East Lyme to hold referendum on proposed policing facility
East Lyme — Residents will have a final say at a referendum Feb. 20 as to whether East Lyme should move forward with a proposed 2,775,000 Honeywell office building at 277 W. Main St. to turn into a public safety facility.
Originally estimated to cost taxpayers nearly 3.2 million in renovations — the Board of Finance has since cut the town’s spending limit on that proposal to 2.23 million for renovations at a January special meeting.
The 30,000-square-foot facility, which sits on 17 acres, would consolidate the town’s dispatch center, fire marshal’s office and emergency operations center — which currently are housed in Flanders — with the police station and would include an evidence room, an arms lockup room and storage, among other uses.
In his original proposal, Nickerson called for including holding cells at the facility. Whether those can now be built with a 1 million — remains to be seen, Nickerson said in January. The town presently pays Waterford approximately 6.5 million proposal to build a facility at Camp Niantic, and in 2007 voters rejected a 1 a year, as having “deplorable” conditions. Constant flooding and water leaks, as well as mildew and poor air quality, make working in the facility difficult for the town’s law enforcement staff, they’ve said.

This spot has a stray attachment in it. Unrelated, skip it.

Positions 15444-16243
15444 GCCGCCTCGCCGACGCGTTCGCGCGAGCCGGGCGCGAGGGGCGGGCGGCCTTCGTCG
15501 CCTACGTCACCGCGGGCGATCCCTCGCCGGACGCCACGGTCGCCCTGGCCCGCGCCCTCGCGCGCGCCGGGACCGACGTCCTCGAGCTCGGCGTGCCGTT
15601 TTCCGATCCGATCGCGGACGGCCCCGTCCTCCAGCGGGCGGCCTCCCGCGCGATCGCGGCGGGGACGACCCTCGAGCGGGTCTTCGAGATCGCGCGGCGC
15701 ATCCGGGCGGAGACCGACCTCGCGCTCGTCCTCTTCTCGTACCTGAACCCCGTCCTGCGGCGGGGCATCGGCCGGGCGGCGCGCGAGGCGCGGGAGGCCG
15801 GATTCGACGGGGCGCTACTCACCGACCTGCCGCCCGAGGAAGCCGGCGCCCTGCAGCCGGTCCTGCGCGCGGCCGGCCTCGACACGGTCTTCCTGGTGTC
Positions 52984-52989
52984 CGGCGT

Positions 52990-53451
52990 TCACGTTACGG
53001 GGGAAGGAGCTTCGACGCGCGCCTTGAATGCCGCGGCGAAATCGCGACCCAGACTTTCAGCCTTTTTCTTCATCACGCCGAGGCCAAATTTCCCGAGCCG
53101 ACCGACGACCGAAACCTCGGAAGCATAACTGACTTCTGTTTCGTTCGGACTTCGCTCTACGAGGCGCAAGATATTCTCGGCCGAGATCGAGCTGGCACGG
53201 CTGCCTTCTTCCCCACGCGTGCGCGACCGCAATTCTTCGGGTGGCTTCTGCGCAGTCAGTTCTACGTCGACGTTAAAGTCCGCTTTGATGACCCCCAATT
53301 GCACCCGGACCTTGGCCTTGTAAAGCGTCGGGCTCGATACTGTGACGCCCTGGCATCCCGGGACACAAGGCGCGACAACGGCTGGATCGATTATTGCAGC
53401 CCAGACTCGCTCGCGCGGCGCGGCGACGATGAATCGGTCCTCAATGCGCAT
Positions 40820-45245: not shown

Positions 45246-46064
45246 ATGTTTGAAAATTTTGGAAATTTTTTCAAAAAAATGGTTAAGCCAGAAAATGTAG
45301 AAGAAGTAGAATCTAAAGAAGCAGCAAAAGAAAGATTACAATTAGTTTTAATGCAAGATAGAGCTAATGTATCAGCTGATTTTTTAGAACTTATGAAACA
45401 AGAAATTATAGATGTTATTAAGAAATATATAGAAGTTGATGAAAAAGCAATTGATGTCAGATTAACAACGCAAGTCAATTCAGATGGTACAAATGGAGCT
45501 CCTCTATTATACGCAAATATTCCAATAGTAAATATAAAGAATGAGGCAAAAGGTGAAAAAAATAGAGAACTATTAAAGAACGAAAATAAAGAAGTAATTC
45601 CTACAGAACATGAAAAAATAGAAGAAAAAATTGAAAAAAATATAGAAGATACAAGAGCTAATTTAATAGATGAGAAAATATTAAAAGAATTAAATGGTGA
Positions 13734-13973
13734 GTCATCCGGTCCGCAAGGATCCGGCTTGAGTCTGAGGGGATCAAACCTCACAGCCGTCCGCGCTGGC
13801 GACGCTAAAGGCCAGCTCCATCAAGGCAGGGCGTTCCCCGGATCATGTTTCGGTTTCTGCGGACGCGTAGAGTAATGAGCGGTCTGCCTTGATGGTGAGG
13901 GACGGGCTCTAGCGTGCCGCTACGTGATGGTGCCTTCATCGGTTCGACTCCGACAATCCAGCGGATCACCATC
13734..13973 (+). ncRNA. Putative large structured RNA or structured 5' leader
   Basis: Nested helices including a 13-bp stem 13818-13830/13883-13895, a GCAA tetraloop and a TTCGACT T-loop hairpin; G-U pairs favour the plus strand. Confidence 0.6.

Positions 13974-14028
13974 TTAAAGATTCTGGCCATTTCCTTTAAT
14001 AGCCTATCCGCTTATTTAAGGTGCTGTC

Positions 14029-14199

The police force, with 23 full-time officers and one part-time officer, serves the town’s 19,000 year-round residents, as well as a surge of seasonal visitors and residents in the summer.
Since November, town officials and taxpayers have spoken back and forth at length — through public forums, board and commission meetings, as well as over social media — about the proposal and whether it is fiscally, logistically and operationally feasible.
Some taxpayers have questioned the building’s location and proximity to flood zones, its size, and whether the move is even necessary, among other concerns.
In particular, residents have expressed fears about how financing millions for the facility, almost two years after the town approved financing 10 million to $12 million.
“You can’t have town employees, especially a police force, working in conditions like this. This is not only a great opportunity, this is a necessity,” Nickerson continued. “We’ve done as good a job as we can possibly getting all the information out to the public, and I’m confident our taxpayers will see the value in this opportunity.”
The referendum will be held from 8 a.m. to 8 p.m. Feb. 20 at the East Lyme Community Center located at 41 Society Road.